The problems for the Republican Party may be best indicated in North Carolina, where the presidential race is suddenly close. Republican Sen. Elizabeth Dole is trailing in her re-election bid, and there's at least one GOP House seat in jeopardy of switching parties.
On a recent afternoon less than a week before Election Day, people are lined up to vote early at the Independence Regional Library in eastern Charlotte, N.C. They are reading books and chatting with their neighbors as they wait.
Among them is schoolteacher Larry Kissell, the Democratic candidate for the state's 8th Congressional District. He is running for this seat for the second time — he lost his 2006 bid by 329 votes — and is doing some last-minute politicking.
Already in this district, almost as many people have cast their ballots in early voting as did in total two years ago; most of them are Democrats.
"The thing that has hurt our district the most is bad free-trade deals," Kissell says. "My opponent was the deciding vote on fast-track. He was the deciding vote for CAFTA [the Central America Free Trade Agreement]."
Over in Oakboro, N.C., Republican incumbent Robin Hayes is talking to a couple of dozen workers outside the Tuscarora Yarn Mill. It is one of a shrinking number of textile plants in the state. Hayes says his deciding vote on CAFTA turned out pretty well.
"I'm looking to help you — to do things that are going to help you," he says.
Hayes got some unwanted attention earlier this month when — warming up the crowd at a rally for John McCain — he said liberals "hate real Americans that work and accomplish and achieve and believe in God."
His staff at first denied Hayes' comments, but after tapes of the event emerged, Hayes apologized.
"It came out totally wrong. It's the opposite of how I feel. I was telling somebody today, I got some friends who are incredibly liberal who are dear friends," he said.
Whether Hayes' comments will affect the outcome of his race remains to be seen. But they illustrate the tough year Republicans are having in a state that has been reliably red on the federal level.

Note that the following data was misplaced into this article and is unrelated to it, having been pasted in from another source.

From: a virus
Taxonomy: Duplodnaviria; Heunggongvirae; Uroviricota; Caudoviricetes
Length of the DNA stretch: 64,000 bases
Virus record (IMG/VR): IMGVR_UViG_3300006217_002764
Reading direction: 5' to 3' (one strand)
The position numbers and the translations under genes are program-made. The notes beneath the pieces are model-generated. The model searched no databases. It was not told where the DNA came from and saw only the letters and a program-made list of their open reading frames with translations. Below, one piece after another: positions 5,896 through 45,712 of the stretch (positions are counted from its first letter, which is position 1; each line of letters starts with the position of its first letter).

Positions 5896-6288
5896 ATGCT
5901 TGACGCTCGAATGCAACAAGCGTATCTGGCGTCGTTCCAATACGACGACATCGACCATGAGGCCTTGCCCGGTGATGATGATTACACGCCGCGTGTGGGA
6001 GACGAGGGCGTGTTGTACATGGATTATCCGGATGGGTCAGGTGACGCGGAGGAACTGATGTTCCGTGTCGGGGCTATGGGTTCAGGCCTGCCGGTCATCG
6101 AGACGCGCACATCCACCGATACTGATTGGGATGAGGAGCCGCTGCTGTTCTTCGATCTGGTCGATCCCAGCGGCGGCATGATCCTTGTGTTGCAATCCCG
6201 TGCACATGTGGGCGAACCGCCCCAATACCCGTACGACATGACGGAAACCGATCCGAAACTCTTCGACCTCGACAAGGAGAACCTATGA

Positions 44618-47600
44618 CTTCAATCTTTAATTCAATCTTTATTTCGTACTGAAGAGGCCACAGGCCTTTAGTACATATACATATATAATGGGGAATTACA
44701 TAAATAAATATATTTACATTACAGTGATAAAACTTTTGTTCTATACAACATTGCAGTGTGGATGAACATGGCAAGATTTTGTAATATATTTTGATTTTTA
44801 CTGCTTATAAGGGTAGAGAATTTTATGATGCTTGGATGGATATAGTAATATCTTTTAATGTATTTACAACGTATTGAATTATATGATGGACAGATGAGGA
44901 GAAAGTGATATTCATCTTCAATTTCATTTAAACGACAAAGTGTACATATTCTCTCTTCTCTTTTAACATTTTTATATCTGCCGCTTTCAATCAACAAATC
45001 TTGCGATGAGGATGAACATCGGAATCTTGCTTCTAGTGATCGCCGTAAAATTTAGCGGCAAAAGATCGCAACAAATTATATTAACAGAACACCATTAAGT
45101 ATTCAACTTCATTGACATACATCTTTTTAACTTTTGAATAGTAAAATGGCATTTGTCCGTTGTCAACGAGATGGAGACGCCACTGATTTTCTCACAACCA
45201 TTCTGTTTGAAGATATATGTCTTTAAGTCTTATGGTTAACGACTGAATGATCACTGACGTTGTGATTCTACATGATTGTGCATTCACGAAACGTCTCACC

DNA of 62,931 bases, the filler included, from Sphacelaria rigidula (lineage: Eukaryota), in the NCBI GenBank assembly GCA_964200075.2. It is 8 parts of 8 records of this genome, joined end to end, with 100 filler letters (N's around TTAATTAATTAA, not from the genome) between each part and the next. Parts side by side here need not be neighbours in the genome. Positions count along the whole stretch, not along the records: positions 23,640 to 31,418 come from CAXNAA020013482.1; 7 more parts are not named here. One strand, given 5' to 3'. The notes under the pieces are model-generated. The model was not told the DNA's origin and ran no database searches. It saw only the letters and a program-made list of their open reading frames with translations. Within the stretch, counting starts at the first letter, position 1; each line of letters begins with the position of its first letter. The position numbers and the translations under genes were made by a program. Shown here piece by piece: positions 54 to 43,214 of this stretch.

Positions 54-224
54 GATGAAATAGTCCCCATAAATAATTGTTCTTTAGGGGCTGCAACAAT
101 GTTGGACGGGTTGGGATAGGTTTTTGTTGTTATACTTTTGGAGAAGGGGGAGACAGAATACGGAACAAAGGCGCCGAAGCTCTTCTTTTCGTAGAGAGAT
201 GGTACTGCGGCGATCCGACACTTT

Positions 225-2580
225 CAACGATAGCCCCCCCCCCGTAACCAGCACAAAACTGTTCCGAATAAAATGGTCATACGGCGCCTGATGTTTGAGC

"The Republicans — they can't catch a break this year, that's all there is to it," says Ted Arrington, who teaches political science at the University of North Carolina at Charlotte.
Blame It On The Ground Game?
Arrington faults McCain and Dole for failing to organize good ground campaigns.
"If there's not evidence of activity on the ground, there's plenty of it in the air," he says. "TV ads have become increasingly negative. Dole has been airing this spot accusing her Democratic challenger, state Sen. Kay Hagan, of taking money from a group called Godless Americans."
The ad intones: "A leader of the Godless Americans PAC recently held a fundraiser in her honor: Godless Americans and Kay Hagan. She hid from cameras — took godless money. What did Hagan promise in return? There is no god." The last line is read in a woman's voice that someone watching the ad might think is Hagan's; it isn't.
Hagan has responded with a spot of her own in which she says: "I'm Kay Hagan, and Elizabeth Dole's attacks on my Christian faith are offensive. She even faked my voice to make you believe I don't believe in God. Well, I believe in God. I taught Sunday school. My faith guides my life, and Sen. Dole knows it."
The fact that the presidential race, a Senate seat and a congressional seat are all too close to call with just a few days to go illustrates the trouble Republicans find themselves in this year in North Carolina.